Matt Cynamon is General Assembly’s Regional Director for the UK.
Recruiting staff isn’t an easy process for any company, no matter how big or small. There’s a huge checklist of criteria that needs ticking off to ensure you hire the right person, with the relevant skills, for your organization.
So. Much. Tech.
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When speaking with founders and CEOs of tech startups, we’re never surprised when conversation circles back to the fact that hiring the right personnel is one of the toughest problems they face today.
In a time when there’s a clear digital skills gap, it’s no wonder startups find it challenging to recruit the right staff, and with precious budgets to think about, it’s important they hire the most suitable candidate and not just the first person with seemingly relevant skills.
So what do startups need to do during the recruitment process to ensure they land the person that’s right for them?
Phone a friend and utilize your network
Picking up the phone and contacting former colleagues, friends in the industry or networking buddies could save you a lot of time, money and effort when recruiting. The names on your Rolodex will already have an understanding of your business, and may point you in the direction of someone ideal for your company – it might even be them!
Be sure to attend industry events and network as often as possible because you never know when you might come across the talent that’s a perfect fit for your startup. Attending, Meetup and Lanyard are good starting places to find events and meetups that are right for you.
Training and education
Companies and entrepreneurs are looking for employees with specific digital skills which perhaps a few years ago didn’t even exist. The speed at which the tech industry is evolving means the education process will never end for your employees.
Make sure you hire people who are excited to keep learning and developing new skills because this will save you a lot of hassle as your company grows and these skills are required. Targeted training, be it internally or externally, will be much more cost-effective than constantly hiring new staff members.
As well as employing skilled individuals, why not consider training someone just out of university, or a person that’s looking to embark on a new career? Getting involved in the student landscape in your area will put your business at the front of top graduates minds.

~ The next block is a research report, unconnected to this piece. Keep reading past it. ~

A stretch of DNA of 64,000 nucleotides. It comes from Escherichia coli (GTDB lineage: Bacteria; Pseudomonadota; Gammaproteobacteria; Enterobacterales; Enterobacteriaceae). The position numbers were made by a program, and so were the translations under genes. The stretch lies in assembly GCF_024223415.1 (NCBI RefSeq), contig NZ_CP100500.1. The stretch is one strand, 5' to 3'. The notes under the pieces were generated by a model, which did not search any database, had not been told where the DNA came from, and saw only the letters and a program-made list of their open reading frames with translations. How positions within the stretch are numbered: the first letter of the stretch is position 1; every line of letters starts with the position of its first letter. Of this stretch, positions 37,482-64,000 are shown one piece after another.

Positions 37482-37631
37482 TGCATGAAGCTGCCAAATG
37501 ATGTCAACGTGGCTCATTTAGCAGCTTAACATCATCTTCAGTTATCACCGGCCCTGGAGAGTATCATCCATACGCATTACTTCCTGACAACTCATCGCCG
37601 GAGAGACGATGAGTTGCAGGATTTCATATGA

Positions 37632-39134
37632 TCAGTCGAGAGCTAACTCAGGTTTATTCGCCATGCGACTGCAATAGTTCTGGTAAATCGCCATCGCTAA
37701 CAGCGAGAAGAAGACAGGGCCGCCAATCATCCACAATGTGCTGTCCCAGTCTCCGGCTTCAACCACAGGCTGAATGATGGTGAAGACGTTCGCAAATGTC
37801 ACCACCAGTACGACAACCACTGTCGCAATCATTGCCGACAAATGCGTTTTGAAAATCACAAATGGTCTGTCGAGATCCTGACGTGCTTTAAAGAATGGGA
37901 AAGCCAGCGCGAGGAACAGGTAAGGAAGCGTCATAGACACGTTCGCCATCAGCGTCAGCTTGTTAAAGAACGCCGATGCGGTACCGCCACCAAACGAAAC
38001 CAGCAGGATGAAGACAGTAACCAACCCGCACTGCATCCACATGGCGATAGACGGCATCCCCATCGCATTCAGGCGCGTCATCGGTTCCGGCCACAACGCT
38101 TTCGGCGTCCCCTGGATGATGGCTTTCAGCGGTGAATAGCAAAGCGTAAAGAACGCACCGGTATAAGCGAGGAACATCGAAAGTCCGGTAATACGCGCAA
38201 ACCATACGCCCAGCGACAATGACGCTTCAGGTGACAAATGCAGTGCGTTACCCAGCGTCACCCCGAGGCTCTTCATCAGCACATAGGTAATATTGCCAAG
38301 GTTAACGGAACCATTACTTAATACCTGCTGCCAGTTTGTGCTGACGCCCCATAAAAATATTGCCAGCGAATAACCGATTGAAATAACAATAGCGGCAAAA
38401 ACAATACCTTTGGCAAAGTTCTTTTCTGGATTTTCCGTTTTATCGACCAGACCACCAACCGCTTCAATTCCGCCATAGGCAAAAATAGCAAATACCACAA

Sponsoring student events and guest lecturing will also give you the opportunity to get to know the next generation of talent.
Businesses should certainly think about getting involved in apprenticeship programmes. This is a great way to nurture certain individuals who might not have had the opportunities of further or higher education. It also allows the business to fine-tune the individual’s skills to suit the culture and demands of that particular organisation.
At GA, we focus on improving the employability of our students by updating our classes and courses to reflect the ‘real working life’ skills sought after across the industry. Our apprenticeship scheme also pairs students with suitable work placement opportunities, to provide them with the on-job training they need to enter the employment market.
Once you’ve got your preferred candidate in place, it’s important to see them in action. Invite them in to work in your office for a day. Have them look after one or two straight-forward tasks so you can assess their on-the-job abilities. This also allows you to get a feel for the chemistry and culture fit that’s so important, especially in a small team.
Finish the day by taking your employees out for a few drinks with the candidate. This’ll allow you to gain a sure idea of how you all might work together.
Can you imagine working with this person day in, day out? Will they enjoy working within your team dynamic and culture? These are all questions you should be confident of answering before making any permanent hire.
It’s harder to lose than it is to gain
It’s really important to not rush the hiring process as it’s a lot harder to let someone go – when you realize you’ve hired too hastily – than it is to bring them onboard. The ramifications will be financial when you have to go through the interview process again, but productivity and morale levels of your current team may also take a hit.
Add these to the heavily burdening emotional effect this will have on you as the bearer of bad news and that should serve as a good motive to get it right first time.
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